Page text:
Removing a human head from a person's body and attaching it to another sounds like a scenario straight out of a science fiction movie, but real life doctors are currently preparing for such a procedure; the first ever of its kind and one that, on paper, sounds like pure insanity.
The patient is a 30-year-old Russian, Valery Spiridonov, who suffers from a severely unpleasant, debilitating illness called Werdnig-Hoffmann; the most extreme case of spinal muscular atrophy, for which there is no known cure.
Spiridonov's health is declining rapidly, which is why he's volunteered to move ahead with such extreme measures. His doctors are planning a mammoth and mind-bogglingingly complicated 36-hour operation, which will likely require the assistance of over 150 doctors and nurses. Their goal? To remove Spiridonov's head and put it on another person's body...
"I would not wish this on anyone"
Despite warnings from concerned professionals, Spiridonov volunteered for the operation, initially scheduled for 2017. Though the ambitious procedure is technically feasible, many still harbor doubts about its outcome. One such person is Dr. Hunt Batjer, president elect of the American Association for Neurological Surgeons, who said:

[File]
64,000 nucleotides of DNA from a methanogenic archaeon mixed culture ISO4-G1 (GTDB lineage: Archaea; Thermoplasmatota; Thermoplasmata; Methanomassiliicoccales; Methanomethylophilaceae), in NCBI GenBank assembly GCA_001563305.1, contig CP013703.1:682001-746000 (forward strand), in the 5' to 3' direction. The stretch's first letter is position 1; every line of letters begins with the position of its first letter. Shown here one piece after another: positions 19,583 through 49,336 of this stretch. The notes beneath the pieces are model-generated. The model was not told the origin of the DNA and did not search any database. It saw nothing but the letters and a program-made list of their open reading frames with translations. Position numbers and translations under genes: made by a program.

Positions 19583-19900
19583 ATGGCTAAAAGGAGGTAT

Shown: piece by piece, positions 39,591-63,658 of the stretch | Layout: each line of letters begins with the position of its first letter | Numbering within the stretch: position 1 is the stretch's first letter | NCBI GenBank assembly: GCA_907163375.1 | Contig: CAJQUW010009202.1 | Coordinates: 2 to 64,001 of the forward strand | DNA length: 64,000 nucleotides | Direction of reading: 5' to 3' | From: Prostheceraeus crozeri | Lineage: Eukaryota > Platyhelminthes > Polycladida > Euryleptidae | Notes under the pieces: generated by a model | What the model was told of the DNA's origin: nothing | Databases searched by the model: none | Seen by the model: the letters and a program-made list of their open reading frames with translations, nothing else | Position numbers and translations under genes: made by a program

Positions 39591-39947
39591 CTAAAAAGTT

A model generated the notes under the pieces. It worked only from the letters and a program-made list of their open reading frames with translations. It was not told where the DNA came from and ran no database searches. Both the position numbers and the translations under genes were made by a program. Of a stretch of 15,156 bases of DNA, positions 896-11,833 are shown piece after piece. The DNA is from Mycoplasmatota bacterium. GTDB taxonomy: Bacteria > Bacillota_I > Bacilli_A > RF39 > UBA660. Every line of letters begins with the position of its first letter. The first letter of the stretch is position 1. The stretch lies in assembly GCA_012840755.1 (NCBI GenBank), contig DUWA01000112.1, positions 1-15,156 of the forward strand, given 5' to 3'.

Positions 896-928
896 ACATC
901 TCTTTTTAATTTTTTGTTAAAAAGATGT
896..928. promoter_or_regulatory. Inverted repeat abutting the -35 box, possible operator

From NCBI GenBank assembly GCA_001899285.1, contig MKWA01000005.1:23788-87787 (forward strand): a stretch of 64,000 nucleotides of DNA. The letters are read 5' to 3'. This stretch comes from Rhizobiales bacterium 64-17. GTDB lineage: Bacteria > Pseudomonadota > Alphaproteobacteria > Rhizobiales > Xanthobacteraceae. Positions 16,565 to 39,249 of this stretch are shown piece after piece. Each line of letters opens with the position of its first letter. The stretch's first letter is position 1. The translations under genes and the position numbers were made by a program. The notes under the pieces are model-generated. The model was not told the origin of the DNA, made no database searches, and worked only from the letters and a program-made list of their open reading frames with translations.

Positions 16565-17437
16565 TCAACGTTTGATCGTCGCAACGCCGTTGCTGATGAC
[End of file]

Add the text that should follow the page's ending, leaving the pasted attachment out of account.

I would not wish this on anyone. I would not allow anyone to do it to me as there are a lot of things worse than death.
What's worse than death, you might ask. Well, since nothing like this has ever been attempted on a human before, the consequences are wholly unpredictable, with a myriad of possible outcomes, some of which doctors fear may prove truly nightmarish for Spiridonov.
One fear is that once the head is connected to the patient's spinal cord and jugular vein, it may not link up to the rest of the body correctly. Unpredictable chemical imbalances could plunge Spiridonov's mind into insanity. The truth is, no one really knows what will happen for sure, which is what makes the proposition all the more terrifying.
It's All In Your Head
Director of medical ethics at New York University’s Langone Medical Centre Arthur Caplan warned that the patient may:
end up being overwhelmed with different pathways and chemistry than they are used to and they’d go crazy.
As science continues its inexorable march forward, there's no telling what groundbreaking advancements will be made possible, and, equally, no way to know what medical mysteries we'll unearth on our plight for progress.